In the world of legal agreements, deed polls can serve a distinct and special purpose. There’s a good chance you’ve heard of various types of contracts and how they can help your business- it’s always good to be well informed on this topic. However, deed polls are a different type of legal agreement and when the right circumstances arise, utilising them can be extremely useful.
In this guide we’ve prepared, we’ll discuss what deed polls are, how they differ from contracts and where you might need them. Keep reading to know more about this crucial legal document.
What Is A Deed Poll?
A deed poll is a legally binding agreement, with only one party entering it. That party can consist of a single individual or a number of individuals, all signing the deed poll for the same purpose.The party signing the deed poll is usually bound to perform a specific promise and is released from the deed poll upon the completion of it.
What Is The Difference Between A Contract And A Deed Poll?
You might be thinking, this sounds just like a contract, right?
Even though both deed polls and contracts are legally binding agreements, they differ from each other greatly.
The main difference between the two is the need for consideration.
A contract usually has two or more parties, where both parties receive some kind of benefit when the contract is performed. Hence, the requirement for consideration is satisfied. A deed poll only has one party and it’s not necessary they gain something at the end of the agreement.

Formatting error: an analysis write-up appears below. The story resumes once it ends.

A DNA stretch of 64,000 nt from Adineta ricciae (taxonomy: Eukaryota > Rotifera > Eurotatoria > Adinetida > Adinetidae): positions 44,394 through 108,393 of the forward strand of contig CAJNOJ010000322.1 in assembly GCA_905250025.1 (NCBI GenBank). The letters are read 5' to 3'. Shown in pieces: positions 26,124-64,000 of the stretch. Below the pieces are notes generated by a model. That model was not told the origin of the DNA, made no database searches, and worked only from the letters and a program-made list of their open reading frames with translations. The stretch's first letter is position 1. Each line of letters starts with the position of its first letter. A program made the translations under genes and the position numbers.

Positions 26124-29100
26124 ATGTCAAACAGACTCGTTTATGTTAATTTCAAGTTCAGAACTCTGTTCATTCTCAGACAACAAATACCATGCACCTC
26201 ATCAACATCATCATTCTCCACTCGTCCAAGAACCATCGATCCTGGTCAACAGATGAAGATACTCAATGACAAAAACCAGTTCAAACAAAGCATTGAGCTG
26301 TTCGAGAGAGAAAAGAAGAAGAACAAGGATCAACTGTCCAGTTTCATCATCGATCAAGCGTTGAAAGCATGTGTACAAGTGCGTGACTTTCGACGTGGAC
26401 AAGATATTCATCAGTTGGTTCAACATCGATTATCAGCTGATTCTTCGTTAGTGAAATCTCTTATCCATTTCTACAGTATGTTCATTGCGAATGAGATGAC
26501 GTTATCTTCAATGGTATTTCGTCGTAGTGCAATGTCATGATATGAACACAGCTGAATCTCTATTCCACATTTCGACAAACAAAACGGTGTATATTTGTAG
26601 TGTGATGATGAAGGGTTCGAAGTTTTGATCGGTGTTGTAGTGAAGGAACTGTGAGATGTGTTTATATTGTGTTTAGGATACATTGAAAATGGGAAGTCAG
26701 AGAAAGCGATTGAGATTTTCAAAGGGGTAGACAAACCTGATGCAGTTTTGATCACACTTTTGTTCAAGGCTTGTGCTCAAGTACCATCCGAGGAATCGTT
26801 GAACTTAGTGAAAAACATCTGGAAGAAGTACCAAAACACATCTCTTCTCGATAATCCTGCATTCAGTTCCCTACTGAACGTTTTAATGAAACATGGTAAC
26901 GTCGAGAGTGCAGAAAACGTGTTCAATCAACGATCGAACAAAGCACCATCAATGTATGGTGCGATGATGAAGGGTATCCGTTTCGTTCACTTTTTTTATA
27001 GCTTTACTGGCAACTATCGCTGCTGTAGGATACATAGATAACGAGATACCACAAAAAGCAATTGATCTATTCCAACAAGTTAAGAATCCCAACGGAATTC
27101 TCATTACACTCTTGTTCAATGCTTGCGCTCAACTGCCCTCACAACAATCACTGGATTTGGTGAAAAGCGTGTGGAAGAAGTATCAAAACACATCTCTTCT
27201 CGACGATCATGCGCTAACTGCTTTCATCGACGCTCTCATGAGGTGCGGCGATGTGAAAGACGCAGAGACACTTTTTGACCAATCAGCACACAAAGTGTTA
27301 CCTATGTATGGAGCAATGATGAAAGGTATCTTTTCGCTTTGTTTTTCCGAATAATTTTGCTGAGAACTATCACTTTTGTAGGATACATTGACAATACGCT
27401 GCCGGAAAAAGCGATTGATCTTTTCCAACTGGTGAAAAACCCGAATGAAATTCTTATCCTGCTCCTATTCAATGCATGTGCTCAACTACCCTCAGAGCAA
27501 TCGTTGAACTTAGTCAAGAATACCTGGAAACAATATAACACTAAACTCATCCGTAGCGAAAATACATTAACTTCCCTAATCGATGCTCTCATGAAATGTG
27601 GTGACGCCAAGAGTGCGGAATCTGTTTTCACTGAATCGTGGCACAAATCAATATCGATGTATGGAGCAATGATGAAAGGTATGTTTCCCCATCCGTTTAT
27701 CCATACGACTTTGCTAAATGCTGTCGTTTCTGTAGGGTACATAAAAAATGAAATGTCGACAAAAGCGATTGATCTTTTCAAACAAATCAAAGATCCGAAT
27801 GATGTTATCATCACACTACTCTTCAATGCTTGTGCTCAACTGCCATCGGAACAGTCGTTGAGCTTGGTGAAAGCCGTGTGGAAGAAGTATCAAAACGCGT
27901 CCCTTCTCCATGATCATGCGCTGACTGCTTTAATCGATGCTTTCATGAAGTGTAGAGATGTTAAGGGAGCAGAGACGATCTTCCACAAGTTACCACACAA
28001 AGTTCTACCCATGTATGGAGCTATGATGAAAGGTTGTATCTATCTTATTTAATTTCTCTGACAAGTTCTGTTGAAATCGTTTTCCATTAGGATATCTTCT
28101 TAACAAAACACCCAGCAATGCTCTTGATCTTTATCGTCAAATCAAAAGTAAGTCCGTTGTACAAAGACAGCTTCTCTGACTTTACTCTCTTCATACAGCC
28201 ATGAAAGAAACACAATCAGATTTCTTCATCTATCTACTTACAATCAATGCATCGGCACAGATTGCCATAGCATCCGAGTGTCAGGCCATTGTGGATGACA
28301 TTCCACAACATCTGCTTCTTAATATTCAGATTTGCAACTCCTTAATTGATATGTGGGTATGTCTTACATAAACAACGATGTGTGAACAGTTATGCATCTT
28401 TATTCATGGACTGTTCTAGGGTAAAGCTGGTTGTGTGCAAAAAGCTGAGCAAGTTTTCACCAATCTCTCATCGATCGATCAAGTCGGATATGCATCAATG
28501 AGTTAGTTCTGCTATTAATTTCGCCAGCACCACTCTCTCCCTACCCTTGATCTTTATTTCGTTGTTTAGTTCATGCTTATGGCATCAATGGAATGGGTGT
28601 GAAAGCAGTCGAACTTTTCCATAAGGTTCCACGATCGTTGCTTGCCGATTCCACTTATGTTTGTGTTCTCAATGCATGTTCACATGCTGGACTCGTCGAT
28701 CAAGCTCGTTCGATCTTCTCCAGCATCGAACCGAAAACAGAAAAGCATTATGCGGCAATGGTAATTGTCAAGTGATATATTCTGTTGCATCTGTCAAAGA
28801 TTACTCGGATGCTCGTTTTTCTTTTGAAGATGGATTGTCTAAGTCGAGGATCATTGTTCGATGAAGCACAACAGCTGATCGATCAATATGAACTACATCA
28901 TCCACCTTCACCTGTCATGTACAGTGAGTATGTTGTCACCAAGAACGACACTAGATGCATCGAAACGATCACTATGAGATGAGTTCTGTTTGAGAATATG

Essentially, a deed poll is a unilateral agreement whereas a contract requires there to be mutual obligations between parties.
What Are Some Key Elements Of A Deed Poll?
When distinguishing deed polls from other types of legal agreements, it helps to know the main elements that a deed poll will usually contain. Some of these elements include:
- Capacity: Much like contracts, the person or persons signing a deed poll must be fit to do so
- Signature: A deed poll will also require a signature
- Witness: A deed poll can sometimes require a witness to legitimise it (more on this later)
- Unilateral Nature: As we mentioned, there should only be one signing party to a deed poll
- Written Agreement: It’s rare (and ill advised) for deed polls to be in oral format. Generally, a deed poll will be a written agreement
- Legal requirements: Depending on the nature of the deed poll, it might need to adhere to particular legal regulations
Keep in mind, deed polls will need to cater to the situation they are being used in. Therefore, this isn’t a definitive list. Rather, a brief overview of what can potentially be seen in a deed poll.
When Do You Need A Deed Poll?
In business, there’s a number of circumstances where a deed poll will be the right kind of legal agreement to go with. Some instances where you might need a deed poll are:
- Changes to company details
- Amending important business articles
- Releasing another’s debts or obligations
- Transferring property
- Regulatory compliance
- Dissolution of the business
- Confirmation of identity